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Poll taxes prevented African Americans from voting till the 24th Amendment made the taxes illegal. New Republican bills bring back poll taxes disguised as new costs voters have to pay before they can vote.
These new poll taxes target poor voters. They cannot afford to wait in long lines and lose wages nor have the time or money to complete new requirements to register to voter or get an absentee ballot. Poll taxes may look different, but the intent is the same. Make it harder for the poor to vote by raising the price of voting.
These poll taxes raise the cost of voting by increasing the distance voters have to travel, effort, expense and time (D.E.E.T.) they have to spend to vote. Republicans aggravate the problem at the same time by restricting drop boxes and absentee ballots which would make it easier to vote. They reduce the number of polling places which create long voting lines.
“Poll taxes were essentially a voting fee in the 1890s as a way to keep African Americans from voting in southern states, Eligible voters were required to pay their poll tax before they could cast a ballot. In 1964 the Twenty-Fourth amendment prohibited the use of poll taxes for federal elections. Five states enforced payment of poll taxes for state elections until 1966, when the U.S. Supreme Court declared them unconstitutional.” – American History
“Abolition of Poll Taxes: The right of citizens of the United States to vote in any primary or other election for President or Vice President, for electors for President or Vice President, or for Senator or Representative in Congress, shall not be denied or abridged by the United States or any State by reason of failure to pay poll tax or other tax.” – Interactive Constitution
Georgia’s SB 202 voter suppression bill
“Georgia’s new voting law, signed by Republican Gov. Brian Kemp on Thursday night, is a small-d democrat’s nightmare. The bill, known as SB 202, gives state-level officials the authority to usurp the powers of county election boards — allowing the Republican-dominated state government to potentially disqualify voters in Democratic-leaning areas. It criminalizes the provision of food and water to voters waiting in line, in a state where lines are notoriously long in heavily nonwhite precincts. It requires ID for absentee ballots and limits the placement of ballot drop boxes.
The Georgia law is part of a broader wave of GOP efforts, at the state and national level, to undermine the fairness of American elections. What happened in Georgia reveals the true face of the modern Republican Party: a far-right institution that threatens American democracy.” – VOX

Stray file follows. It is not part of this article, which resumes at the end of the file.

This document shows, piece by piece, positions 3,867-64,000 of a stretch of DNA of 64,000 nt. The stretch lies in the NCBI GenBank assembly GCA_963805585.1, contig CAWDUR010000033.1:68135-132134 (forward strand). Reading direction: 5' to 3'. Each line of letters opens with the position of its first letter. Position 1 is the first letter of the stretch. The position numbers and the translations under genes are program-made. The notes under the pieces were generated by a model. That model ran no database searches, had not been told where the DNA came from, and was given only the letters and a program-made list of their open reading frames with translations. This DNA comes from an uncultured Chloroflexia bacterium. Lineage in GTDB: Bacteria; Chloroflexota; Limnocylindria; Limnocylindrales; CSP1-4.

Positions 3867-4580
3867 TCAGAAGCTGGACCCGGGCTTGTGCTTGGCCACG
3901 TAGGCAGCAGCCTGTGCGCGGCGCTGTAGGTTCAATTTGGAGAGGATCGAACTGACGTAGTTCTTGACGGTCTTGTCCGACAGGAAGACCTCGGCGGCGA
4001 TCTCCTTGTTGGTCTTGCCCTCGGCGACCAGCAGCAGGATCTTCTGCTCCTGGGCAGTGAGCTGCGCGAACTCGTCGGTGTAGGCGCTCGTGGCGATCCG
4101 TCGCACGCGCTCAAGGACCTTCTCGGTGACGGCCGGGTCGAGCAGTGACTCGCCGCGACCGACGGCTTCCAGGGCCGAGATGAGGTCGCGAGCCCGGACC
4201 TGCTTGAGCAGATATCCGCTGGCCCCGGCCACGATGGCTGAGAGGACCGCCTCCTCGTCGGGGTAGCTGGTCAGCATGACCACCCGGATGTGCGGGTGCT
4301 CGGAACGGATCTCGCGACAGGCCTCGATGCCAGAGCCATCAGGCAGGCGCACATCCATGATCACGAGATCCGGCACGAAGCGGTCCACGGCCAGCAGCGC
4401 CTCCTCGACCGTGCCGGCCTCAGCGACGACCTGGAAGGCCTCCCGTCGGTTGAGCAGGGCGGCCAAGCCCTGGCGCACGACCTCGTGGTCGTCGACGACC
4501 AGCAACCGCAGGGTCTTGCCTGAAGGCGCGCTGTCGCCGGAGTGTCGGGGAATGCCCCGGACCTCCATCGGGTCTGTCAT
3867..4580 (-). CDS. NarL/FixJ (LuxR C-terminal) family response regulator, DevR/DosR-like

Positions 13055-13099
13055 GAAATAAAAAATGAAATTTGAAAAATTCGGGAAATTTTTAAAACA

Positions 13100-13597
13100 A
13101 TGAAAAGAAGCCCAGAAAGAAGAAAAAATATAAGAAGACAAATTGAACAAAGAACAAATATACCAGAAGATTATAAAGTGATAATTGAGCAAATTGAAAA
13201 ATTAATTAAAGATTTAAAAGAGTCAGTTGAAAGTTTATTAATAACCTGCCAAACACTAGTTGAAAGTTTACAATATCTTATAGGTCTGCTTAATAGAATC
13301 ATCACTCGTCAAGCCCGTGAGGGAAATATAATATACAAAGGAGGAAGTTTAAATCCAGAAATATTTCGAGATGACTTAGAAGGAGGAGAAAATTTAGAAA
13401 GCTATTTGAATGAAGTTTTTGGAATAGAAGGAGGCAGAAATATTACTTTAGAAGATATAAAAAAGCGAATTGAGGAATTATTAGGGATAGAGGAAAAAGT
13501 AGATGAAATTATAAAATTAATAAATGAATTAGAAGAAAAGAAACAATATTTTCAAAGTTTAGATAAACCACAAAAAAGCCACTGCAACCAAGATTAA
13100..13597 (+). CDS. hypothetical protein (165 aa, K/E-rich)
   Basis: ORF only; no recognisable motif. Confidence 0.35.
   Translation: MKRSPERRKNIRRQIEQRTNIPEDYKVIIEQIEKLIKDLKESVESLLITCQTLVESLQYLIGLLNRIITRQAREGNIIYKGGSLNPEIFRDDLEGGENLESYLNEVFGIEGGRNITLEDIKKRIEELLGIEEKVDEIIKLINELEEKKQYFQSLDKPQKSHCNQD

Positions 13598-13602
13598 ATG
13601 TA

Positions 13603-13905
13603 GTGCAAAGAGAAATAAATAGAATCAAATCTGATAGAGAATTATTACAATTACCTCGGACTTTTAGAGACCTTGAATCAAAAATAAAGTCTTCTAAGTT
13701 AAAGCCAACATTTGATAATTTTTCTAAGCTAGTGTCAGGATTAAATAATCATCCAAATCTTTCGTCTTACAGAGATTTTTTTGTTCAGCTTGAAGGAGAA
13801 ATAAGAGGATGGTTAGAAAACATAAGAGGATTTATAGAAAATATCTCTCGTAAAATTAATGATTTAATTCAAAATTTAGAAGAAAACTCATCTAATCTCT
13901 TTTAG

How Georgia SB 202 increases the cost of voting
The high cost of poll taxes on the poor
The DEET based poll taxes disenfranchise poor, marginalized voters:
– They are more likely to be working multiple jobs on an hourly basis with limited free time. This costing is based on a worker with two part-time jobs as a part-time worker at Walmart and as a cook at McDonald. Neither firm supports the minimum wage proposal.
– They are more likely to use public transport rather than having their own car. This increases the time needed to travel to a drop box or polling location.
– They are less likely to have a computer with internet access forcing them to go to public photo-copying facilities to make copies of documents needed to register to vote or request an absentee ballot. This increasing photocopying and mailing costs.
– Reducing the number of polling locations increases waiting lines and the time that people have to wait in order to vote. Banning volunteers from providing water increases the cost that voters have to pay for refreshments and water while they are forced to wait in line.
– Waiting in line forces voters with children to arrange for childcare creating additional costs.
How the poll tax costs add up
+ Walmart cashier wage (in lost wages while waiting to vote) $ 9.88/hour
+ McDonalds wage for cooks (in lost wages while waiting to vote) $ 8.00/hour
+ Cost of public transport to get to polling location in metro Atlanta $ 6.00/ride
+ Cost of childcare while waiting in line to vote $ 12.36/hour
+ Postage fee $ 0.55/letter
+ Photocopying costs for documents to register to vote or request an absentee ballot $ 0.09/page
These poll taxes add up to almost two days wages lost in order to vote!
Takeaway: Disenfranchising poor voters who cannot pay poll taxes is wrong. Firms should give their workers a paid day off so they can vote without losing wages created due to Republican barriers to voting.
National Museum of American History – American Democracy: A Great Leap of Faith
Interactive Constitution – 24th Amendment : Abolition of Poll Taxes
Rolling Stone – Everything You Need to Know About Georgia’s New Voting Law
VOX – Yes, the Georgia election law is that bad
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